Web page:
Taken to its logical extreme, the cancer cell’s capacity to consistently imitate, corrupt, and pervert normal physiology thus raises the ominous question of what “normalcy” is. “Cancer,” Carla said, “is my new normal,” and quite possibly cancer is our normalcy as well, that we are inherently destined to slouch towards a malignant end. Indeed, as the fraction of those affected by cancer creeps inexorably in some nations from one in four to one in three to one in two, cancer will, indeed, be the new normal—an inevitability. The question then will not be if we will encounter this immortal illness in our lives, but when.”
Cancer has been with humankind for ever. Our knowledge of it, not so long.
This book, as the title implies, is a “Biography of Cancer”, looking at history of diagnoses, treatment and understanding from ancient time – from Imhotep’s clinic in Egypt in 2500 BC, through to the date of the books completion in 2010. It’s a long book – 460 pages – and comprehensive, but not overly medicalised as it looks at culture as much as medicine. For an understanding of where we are now, how we got here, and where we may go, it does well.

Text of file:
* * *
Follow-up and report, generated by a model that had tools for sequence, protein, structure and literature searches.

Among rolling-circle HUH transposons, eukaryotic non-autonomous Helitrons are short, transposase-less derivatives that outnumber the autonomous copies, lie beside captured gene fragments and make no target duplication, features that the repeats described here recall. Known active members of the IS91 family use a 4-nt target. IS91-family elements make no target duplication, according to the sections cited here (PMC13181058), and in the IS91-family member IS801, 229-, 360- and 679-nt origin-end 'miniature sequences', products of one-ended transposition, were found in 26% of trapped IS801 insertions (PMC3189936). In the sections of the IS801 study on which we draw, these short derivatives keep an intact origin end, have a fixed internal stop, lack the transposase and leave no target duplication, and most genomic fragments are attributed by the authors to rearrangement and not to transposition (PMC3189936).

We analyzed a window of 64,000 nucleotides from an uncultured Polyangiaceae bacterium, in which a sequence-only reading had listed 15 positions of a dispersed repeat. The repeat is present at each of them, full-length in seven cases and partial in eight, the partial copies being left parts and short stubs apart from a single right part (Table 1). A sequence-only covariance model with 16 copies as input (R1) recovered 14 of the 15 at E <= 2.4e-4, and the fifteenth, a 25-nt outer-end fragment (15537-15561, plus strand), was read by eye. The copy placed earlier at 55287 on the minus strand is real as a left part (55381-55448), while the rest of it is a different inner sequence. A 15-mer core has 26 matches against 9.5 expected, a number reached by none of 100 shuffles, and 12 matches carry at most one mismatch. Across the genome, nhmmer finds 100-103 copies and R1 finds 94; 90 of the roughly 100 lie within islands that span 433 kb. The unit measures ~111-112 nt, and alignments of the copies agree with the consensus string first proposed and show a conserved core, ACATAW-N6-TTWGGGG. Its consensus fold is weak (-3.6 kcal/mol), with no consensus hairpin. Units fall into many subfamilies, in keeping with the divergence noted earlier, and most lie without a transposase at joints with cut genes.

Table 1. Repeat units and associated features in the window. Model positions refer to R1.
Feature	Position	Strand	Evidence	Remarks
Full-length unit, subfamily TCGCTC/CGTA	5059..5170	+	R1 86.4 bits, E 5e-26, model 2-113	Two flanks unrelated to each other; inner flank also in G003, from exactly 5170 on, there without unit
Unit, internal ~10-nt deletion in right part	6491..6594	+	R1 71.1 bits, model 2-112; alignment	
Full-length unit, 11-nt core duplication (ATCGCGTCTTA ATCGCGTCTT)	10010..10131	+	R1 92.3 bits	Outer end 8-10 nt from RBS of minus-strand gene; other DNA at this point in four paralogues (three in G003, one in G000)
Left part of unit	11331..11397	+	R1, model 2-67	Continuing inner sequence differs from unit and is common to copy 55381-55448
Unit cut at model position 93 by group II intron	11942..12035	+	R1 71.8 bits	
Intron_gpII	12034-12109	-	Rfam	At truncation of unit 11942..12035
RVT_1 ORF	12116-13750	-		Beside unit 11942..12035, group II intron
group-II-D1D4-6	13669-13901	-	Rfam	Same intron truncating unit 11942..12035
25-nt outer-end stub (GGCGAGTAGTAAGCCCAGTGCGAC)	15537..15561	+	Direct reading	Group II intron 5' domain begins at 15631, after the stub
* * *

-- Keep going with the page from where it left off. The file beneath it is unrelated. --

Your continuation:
The “war on cancer” is portrayed as one against a malevolent and deceptive enemy; an enemy who never stands still and changes form and presentation in the subtlest of ways. An enemy who lays dormant and awaits the time to strike. An enemy who hides and reappears. An enemy of reinvention. The author takes us on a journey though this war, and the battlegrounds, losses and victories to date. Realism and optimism are weaves together.
On one level it’s an easy, albeit long read. In another it’s a difficult read when you contextualise the human costs, and suffering.
It’s a book I would recommend cautiously to anyone with an interest in the area, but be aware it may be triggering.